"Active" FSCs (and IC-DISCs) may qualify for double tax benefits.
The typical FSC operates as the commission agent of a related U.S. taxpayer that produces export goods. Every time the related U.S. taxpayer makes a qualifying export sale, the FSC earns a commission for having participated in the sale. The U.S. taxpayer can deduct the full commission, while the FSC only pays Federal tax on part of the commission. The safe haven rules to determine the maximum FSC commission generally yield a 15% permanent Federal tax exemption on export income otherwise earned by a C corporation.
Unlike the preceding situation, export trading companies purchase products directly from unrelated parties to sell to their customers. Because there is no related party supplying the export products, the regular rules do not apply. If the export trading company is operated as an active FSC, its maximum export profit is determined by its ability to "buy low and sell high," and not by the safe haven rules. Under Secs. 923(a)(2) and 291(a)(4)(A), an active FSC (whose only shareholders are C corporations) can qualify for a 30% permanent Federal tax exemption on qualifying export profits from the sales of products considered to have at least 50% U.S. content.
The table on page 541 illustrates how the double benefits are achieved. Obtaining these benefits depends on proving that the FSC is truly a separate operating entity. This means the FSC should directly execute contracts with suppliers and customers, have its own bank account, purchase inventory directly from unrelated suppliers, take legal title to inventory, have its own employees and bear administrative costs allocable to export activities. When related parties provide employees or services to the FSC, the Sec. 482 rules must be considered to be sure that the FSC is paying arm's-length prices.
Obtaining these benefits also depends on not being tripped up by other rules. For example, a qualifying active FSC should be incorporated in Guam or the Virgin Islands to avoid the Sec. 884 branch profits tax. An active FSC with corporate shareholders should have at least one U.S. location to allow its income to be effectively connected with the conduct of a U.S. trade or business, permitting the corporate shareholders to obtain a 100% dividends-received deduction for all FSC dividends.
Of course, care must be exercised not to get tripped up on regular FSC operating rules; e.g., all the management requirements of Sec. 924(c) regarding board of directors' or shareholders' meetings, existence of a principal bank account in a qualifying foreign location, and use of a principal (foreign) bank account to pay all cash dividends, legal and accounting fees, and salaries of the officers and directors. Only export activities qualifying for FSC benefits should be conducted by the FSC. Sales of ineligible property (either due to not meeting the U.S. content requirements, or because property is of a type prohibited from obtaining FSC benefits) or sales to ineligible customers should be conducted by a separate entity to avoid an additional layer of Federal corporate income tax.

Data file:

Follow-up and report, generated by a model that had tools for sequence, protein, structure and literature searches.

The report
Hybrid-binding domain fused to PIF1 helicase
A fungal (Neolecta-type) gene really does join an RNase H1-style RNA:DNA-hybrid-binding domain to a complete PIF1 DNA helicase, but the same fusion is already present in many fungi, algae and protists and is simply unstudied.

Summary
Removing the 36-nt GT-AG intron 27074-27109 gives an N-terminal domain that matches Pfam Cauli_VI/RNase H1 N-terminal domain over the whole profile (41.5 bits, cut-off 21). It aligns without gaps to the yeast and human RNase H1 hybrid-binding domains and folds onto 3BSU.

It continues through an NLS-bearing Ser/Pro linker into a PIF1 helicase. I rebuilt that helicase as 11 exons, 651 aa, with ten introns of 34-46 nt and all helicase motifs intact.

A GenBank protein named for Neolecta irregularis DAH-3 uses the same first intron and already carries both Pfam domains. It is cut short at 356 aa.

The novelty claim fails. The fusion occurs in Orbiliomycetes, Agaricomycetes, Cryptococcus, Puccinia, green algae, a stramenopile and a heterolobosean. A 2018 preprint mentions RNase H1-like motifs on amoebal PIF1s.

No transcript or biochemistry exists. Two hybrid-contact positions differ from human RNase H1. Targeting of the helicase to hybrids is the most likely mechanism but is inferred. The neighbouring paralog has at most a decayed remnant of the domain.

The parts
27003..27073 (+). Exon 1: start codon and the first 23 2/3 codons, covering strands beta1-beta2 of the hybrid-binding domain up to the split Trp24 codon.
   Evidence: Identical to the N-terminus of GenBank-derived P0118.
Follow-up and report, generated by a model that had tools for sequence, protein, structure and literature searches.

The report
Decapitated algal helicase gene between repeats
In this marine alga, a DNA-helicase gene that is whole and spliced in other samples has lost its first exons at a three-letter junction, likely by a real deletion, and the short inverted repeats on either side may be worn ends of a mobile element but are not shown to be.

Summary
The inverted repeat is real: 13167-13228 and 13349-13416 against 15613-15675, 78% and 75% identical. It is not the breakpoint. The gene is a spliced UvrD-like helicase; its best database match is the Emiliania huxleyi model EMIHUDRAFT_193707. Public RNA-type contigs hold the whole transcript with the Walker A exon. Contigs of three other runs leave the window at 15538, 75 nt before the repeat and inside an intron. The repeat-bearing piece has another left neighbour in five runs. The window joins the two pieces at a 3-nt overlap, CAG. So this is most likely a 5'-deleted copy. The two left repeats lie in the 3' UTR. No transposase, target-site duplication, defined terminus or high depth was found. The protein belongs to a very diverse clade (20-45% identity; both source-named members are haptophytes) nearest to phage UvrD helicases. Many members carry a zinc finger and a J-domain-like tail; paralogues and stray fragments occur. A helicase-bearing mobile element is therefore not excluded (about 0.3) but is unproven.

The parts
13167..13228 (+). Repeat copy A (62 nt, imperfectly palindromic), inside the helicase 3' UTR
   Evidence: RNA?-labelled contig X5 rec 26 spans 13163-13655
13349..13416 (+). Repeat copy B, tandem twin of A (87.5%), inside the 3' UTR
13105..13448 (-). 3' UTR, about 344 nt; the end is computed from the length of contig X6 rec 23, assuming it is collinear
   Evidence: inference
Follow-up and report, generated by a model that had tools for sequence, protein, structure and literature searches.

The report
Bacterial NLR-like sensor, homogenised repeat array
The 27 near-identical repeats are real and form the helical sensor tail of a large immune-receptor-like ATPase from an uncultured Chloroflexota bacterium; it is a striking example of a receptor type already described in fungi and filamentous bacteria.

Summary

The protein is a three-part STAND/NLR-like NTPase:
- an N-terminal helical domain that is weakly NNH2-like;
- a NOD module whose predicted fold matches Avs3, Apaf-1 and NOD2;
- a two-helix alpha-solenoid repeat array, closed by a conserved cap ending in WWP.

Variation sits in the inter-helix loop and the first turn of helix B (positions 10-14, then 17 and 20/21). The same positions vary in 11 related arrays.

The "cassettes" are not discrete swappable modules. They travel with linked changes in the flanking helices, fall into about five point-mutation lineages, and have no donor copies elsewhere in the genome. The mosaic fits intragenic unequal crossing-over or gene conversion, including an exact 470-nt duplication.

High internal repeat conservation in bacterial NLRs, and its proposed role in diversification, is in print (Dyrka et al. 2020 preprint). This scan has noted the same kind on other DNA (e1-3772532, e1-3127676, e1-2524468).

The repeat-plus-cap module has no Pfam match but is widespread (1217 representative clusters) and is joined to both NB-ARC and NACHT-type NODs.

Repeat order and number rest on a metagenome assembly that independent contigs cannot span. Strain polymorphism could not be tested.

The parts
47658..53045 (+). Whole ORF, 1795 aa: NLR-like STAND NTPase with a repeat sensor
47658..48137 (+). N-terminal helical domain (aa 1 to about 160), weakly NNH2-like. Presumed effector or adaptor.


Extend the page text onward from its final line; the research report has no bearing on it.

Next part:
Commission FSC Active FSC Exporter FSC Exporter FSC Export taxable income $100 $ 0 $0 $100 Commission payment (23) 23 N/A N/A Exemption for FSC income (C corporation shareholders) 0 (15) 0 (30) Taxable income $ 77 8 $0 70 Total taxable income of exporter and FSC 85 70 Permanent reduction of income $15 $ 30
Just as an active FSC can double the permanent exemption of export profits from Federal income tax, an active interestcharge domestic international sales corporation (IC-DISC) can double the deferral of export profits from Federal income tax from a maximum of 50% to a maximum of 100%. Therefore, individuals, S corporations, partnerships with individual partners, and LLCs taxable as partnerships with individual members currently conducting export trading activities, may also want to consider this technique in relation to IC-DISCs. With the proper overall income tax planning for closely held export trading companies and their owners, companies with export profits as low as $50,000 may save enough in Federal taxes to justify the additional administrative costs.
From Bill Major, CPA, Peoria, Ill.
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|Title Annotation:||foreign sales corporation, interest-charge domestic international sales corporation|
|Publication:||The Tax Adviser|
|Date:||Sep 1, 1995|
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